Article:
An Experience Like No Other
The ironies of the movie business! When box office is off, everyone starts to question the viability of the industry in today’s market. When business is good and setting records, they call it an aberration.
This editor has witnessed ups and downs during the past 40 years and has come to the conclusion that good movies mean good times for the business. That, of course, is no surprise—content is king and always will be.
This editor has also observed an industry that has done everything possible to differentiate itself from other entertainment media and has been very successful at it. Witness films like Prometheus, The Avengers, The Amazing Spider-Man and The Dark Knight Rises and you’ll find entertainment in a movie theatre at its best. No other media outlet comes close to achieving what one experiences on the big screen today.
Theatre owners have risen to the occasion and have provided fantastic venues to show movies the way filmmakers intended them to be seen. The experience cannot be duplicated on your TV sets at home and especially on the handheld devices that are carried by so much of the population.
Theatre owners and operators have not rested on their laurels, but are constantly upgrading and improving their auditoriums. The transformation is remarkable. Plush chairs, stadium seating, digital projection and 3D have made much of this possible. But it certainly does not stop there. Improved screens to reflect more light; immersive audio systems that fill an auditorium with sound everywhere; high frame rates to give the picture better clarity, contrast and less strobing when the camera pans; laser projection to provide more light for 3D—all of these technologies require large investments but result in a superior experience at the movie theatre.
The theatrical movie industry understands the necessity of staying way ahead of any and all competing media businesses, and they are to be commended for their commitment to the betterment of the theatrical experience.
Couple this with films that have captured the imagination of the moviegoing public and you achieve great box office that is surpassing 2011 revenues and attendance that boasts a five-percent gain as of this date. The pack is led by The Avengers, The Hunger Games, The Lorax, Madagascar 3 and Men in Black 3. Still to come as we go to press are Ice Age: Continental Drift, The Dark Knight Rises, Total Recall and The Bourne Legacy. And let’s not forget the strong performances of The Amazing Spider-Man, Ted, Brave and Magic Mike. Independent product is also playing well, and films targeted to the female demographic consistently find a big audience (see editorial below).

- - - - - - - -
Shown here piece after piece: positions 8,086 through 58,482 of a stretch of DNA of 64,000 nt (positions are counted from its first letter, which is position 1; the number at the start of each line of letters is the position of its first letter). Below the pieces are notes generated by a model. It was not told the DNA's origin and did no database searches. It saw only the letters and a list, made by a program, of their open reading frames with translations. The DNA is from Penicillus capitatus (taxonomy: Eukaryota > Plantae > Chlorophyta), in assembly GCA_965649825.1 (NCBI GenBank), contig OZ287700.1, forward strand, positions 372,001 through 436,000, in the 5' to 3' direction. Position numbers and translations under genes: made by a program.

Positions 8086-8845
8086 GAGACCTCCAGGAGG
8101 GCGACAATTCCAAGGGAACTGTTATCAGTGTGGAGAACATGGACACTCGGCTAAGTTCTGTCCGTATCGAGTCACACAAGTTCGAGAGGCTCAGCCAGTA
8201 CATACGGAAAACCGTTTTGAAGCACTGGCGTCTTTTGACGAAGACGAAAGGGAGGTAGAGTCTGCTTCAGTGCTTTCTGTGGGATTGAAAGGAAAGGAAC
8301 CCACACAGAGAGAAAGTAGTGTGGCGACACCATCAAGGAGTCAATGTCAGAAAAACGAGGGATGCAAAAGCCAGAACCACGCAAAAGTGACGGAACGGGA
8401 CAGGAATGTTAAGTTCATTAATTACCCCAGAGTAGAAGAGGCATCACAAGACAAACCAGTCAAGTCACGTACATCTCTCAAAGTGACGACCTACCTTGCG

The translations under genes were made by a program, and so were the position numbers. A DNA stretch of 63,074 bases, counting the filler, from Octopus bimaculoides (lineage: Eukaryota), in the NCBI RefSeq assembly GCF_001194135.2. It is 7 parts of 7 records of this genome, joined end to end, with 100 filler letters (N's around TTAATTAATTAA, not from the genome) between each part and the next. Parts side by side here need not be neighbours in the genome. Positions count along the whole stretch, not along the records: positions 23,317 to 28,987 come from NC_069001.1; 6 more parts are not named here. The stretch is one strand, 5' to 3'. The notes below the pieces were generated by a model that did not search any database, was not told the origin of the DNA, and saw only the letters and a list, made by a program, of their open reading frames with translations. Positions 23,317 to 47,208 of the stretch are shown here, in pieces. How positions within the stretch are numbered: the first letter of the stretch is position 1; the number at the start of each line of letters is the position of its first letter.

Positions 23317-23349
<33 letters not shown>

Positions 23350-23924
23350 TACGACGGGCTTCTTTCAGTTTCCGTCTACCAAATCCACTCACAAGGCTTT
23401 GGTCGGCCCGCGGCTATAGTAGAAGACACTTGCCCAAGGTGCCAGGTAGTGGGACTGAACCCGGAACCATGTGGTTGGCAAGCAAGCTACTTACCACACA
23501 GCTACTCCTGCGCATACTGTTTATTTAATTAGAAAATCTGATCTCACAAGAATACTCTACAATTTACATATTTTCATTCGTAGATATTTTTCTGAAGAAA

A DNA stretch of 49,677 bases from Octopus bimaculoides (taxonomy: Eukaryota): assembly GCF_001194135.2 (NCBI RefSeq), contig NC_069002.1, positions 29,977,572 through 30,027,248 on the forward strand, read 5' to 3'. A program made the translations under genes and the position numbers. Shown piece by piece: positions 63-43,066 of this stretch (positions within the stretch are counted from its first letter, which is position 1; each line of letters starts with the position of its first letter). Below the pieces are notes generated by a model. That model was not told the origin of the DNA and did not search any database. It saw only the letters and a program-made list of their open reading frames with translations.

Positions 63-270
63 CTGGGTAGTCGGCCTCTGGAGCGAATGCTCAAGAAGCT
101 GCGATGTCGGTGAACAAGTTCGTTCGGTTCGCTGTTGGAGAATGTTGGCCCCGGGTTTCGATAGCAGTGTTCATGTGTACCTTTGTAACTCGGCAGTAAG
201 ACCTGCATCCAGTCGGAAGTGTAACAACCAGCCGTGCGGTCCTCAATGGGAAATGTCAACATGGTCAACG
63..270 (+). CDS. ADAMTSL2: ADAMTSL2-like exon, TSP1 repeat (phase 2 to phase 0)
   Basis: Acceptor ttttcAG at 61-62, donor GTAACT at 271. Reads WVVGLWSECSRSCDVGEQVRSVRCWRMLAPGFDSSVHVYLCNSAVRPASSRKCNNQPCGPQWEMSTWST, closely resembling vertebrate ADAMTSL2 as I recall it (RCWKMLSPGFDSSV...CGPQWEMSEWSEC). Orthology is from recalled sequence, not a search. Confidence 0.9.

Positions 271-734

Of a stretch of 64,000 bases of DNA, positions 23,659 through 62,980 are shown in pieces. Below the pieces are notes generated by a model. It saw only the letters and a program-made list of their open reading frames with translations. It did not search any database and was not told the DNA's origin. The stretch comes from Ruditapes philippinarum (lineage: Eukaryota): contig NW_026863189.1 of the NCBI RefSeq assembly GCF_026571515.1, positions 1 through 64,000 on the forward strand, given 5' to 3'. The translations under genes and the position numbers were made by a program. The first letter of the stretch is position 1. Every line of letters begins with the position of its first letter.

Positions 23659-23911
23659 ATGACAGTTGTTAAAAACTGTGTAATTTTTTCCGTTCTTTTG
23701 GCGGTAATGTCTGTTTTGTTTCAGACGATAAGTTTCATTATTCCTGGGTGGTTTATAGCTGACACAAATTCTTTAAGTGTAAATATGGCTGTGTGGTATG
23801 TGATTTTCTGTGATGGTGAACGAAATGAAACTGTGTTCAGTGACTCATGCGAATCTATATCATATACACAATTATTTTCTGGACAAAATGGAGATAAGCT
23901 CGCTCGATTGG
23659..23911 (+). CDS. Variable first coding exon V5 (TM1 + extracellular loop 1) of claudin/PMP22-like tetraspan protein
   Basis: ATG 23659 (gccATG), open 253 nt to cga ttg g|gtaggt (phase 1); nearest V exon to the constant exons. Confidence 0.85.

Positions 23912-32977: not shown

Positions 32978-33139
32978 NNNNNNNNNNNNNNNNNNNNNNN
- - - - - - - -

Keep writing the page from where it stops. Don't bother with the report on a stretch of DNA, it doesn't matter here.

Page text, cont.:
With more than half the summer still to go, we are going to see the best season ever and perhaps the best domestic year ever. Having fun and doing well at the box office makes for a great time in the movie industry.
What Women Want
Three-time Oscar winner Meryl Streep had a message for the movie industry at last month’s Women in Film Crystal + Lucy Awards ceremony in Beverly Hills.
“In this room,” she noted to the primarily female audience, “we are very familiar with these dreadful statistics that detail the shocking underrepresentation of women in our business. Seven to ten percent of directors, producers, writers, and cinematographers [are women] in any given year. This in spite of the fact that in the last five years, five little movies aimed at women have earned over $1.6 billion: The Help, The Iron Lady believe it or not, Bridesmaids, Mamma Mia! and The Devil Wears Prada."
Streep could have been a little more self-effacing, since three of the movies she cited were her own, but she’s earned the right to crow as that rare female star over the age of 60 who has become an international box-office draw after decades of acclaimed roles.
The actress went on to observe that those five films “cost a fraction of what the big tentpole failures cost.… Let’s talk about The Iron Lady. It cost $14 million to make and brought in $114 million. Pure profit! So why? Why? Don’t they want the money?”
Streep didn’t even mention the Sex and the City phenomenon, and her speech was delivered two weeks before the $39 million opening of the male-stripper hit Magic Mike, whose audience has been about 73% women. (That film, by the way, was made for a mere $7 million.)
Quality films targeted to women (we’re not talking about all those run-of-the-mill Katherine Heigl and Kate Hudson comedies) have consistently outperformed box-office expectations in the past decade. So why is it always a surprise when a movie like The Help becomes one of the top pictures of the summer or Bridesmaids morphs into a blockbuster? Maybe it has something to do with the mindset of all those men in executive suites calling the shots. Women are not just underrepresented on the creative side, as Streep notes, they’re also underserved by the people who green-light films. When a good movie has special appeal for the female demographic, they flock to the multiplex—often in groups.
Hollywood would be wise to listen to one of its most honored actresses. After all, don’t you want the money?